The second Saturday in December would mark the last meeting of Bismarck's Coffee and Cake Checker Club until after the start of the New Year. The holidays were a busy time and The Beacon Cafe, where the Club met, would close down so that the proprietor, Deana, could visit her family out in Gackle, North Dakota.
Sal Westerman, the unofficial Club leader, arrived a minute or two after one o'clock and made his way to the big booth at the back of the Cafe. There was a good turnout, with Mike, Dan, Wayne, Sam, Louie, Tom, and seldom seen Old Frank on hand. Sal referred to the group as "the boys" even though they were all over fifty.
"I hear your daughter Joyce is visiting," Mike said as Sal took a seat.
"Yes, she is," Sal replied, "she hadn't taken any vacation in quite a while so she's here for a little over three weeks. It's really nice to see her."
"Washington must keep her busy," Dan said. "Isn't she working for some sort of fancy law firm?"
"Not only that, she just made partner!" Sal said with obvious pride. "Being a partner at Dark Darker & Darkest was something she'd always dreamed about, and she made it all come true!"
Just then the door of the Cafe swung open, and a blast of cold air swept in a diminutive figure.
"Joyce! You made it!" Sal exclaimed. Then, turning to the boys, he explained, "Joyce used to play for the Bismarck High School checker team, though she hasn't had a lot of time to play out there in D.C. But she said she wanted to meet everyone at the Club."
The boys offered Joyce the best seat in the booth and introductions were made. "Pleased to meet you at long last," she said. "Dad speaks highly of you and loves his Saturday afternoons here."
Deana, over at her counter, called out, "Hey, aren't you going to introduce me too?"
Joyce got up at once and went over to greet Deana. "I've heard about your baking," Joyce said. "Everyone says there's nothing like it."
Deana pulled a plate from under the counter. "Here, on the house for our special guest," she said. "Holiday cinnamon bars." Deana made sure she said the latter loud enough for the boys to hear.
"Thank you," Joyce said. She carried her plate back over to the big booth and retook her seat.
"Cinnamon bars," Old Frank said. "I could use one of those. Why don't you show us what you have for this week, Sal? Then you'll be buying after we solve it!"
Sal smiled. "Something from Ed," he said. Ed was Sal's checker penpal out in Pennsylvania. "Not so easy. Cinnamon bars for me, I think."
"Lay it out," Tom said, "and we'll see about who buys!"
Sal arranged the checkers on a couple of the awaiting checkerboards. "Here you go," he said, "you can have half an hour."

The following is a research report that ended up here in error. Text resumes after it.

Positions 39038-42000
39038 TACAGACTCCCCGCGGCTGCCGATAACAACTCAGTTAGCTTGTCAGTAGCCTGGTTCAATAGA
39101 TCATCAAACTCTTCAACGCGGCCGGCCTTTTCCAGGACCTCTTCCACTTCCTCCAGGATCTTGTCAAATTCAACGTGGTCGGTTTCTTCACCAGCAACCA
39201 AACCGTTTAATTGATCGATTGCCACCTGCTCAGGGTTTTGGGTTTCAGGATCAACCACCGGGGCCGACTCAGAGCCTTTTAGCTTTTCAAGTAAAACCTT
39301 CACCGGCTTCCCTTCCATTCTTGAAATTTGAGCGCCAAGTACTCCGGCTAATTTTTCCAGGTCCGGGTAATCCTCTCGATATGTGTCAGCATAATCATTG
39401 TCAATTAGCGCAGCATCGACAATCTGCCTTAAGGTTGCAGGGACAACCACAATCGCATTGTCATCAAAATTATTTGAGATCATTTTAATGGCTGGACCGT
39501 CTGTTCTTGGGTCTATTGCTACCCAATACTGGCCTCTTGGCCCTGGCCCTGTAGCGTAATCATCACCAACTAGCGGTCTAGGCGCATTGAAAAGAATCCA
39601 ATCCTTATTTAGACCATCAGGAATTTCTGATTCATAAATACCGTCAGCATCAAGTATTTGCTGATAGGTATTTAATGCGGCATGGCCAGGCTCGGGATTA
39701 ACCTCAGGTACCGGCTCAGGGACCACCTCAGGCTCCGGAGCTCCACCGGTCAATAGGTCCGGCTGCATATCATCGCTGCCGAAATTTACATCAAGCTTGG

Deana's cinnamon bars look really good. Can you win a virtual one? See how you do and then click on Read More to see the solution and the rest of the story.
Sal let the boys work on the problem for nearly an hour. He was surprised and pleased to see Joyce taking part in the lively debate about the correct line of play. But finally Sal called time.
"We haven't gotten it," Wayne said with some chagrin. But just then Joyce sat upright in her seat.
"Oh yes we have!" she said.
Everyone regarded her with amazement.
"Here's how you do it," she said. She pulled one of the boards toward her and explained the following solution.
17-22 26-31---A 22-26 31x22 14-10 5x14 10x26 White Wins---B
A---Here the computer just offers the unnatural 19-24, giving up a piece (and the game) in return for a more prolonged defeat. We can't see a human player taking that approach---Ed.
B---Black's every move loses:
23-27 26-23 19-26 30-32.
"By golly, that's it!" Old Frank said. "You're amazing!"
Joyce laughed. "I know for years I didn't have time to play, but Dark Darker & Darkest has a team in the Eager Litigators League, and I've started playing again. I think that actually helped me make partner in at least a small way."
"Fabulous," Wayne said, "but now who buys? Sal is supposed to, but you're in Sal's family, so how does that work?"
"Well," Joyce said, "in D.C. both parties would just file a lawsuit and let the courts sort it out."
"A lawsuit over cinnamon bars?" Tom asked.
"You'd be surprised," Joyce replied. "But we're in Bismarck, so let's keep it simple. How about if I buy? Would you boys give me the honor of doing that?"
Joyce's intelligence, accomplishments, checkerboard skills, and down-home generosity really impressed the boys. Joyce had to leave soon afterward to help Sal's wife, Sylvia, with some domestic chores, but Sal and the boys stayed until nearly five enjoying their checkers.
"Happy holidays to all!" Sal said as he and the others finally left the Beacon. He had had a great afternoon, made even more precious by the presence of his wonderful daughter Joyce.
The Checker Maven thanks master problemist Ed Atkinson for sending us this problem and solution.
Beacon Cafe stories are all dedicated to the memory of Sol Wezelman zt"l, 1918-2020.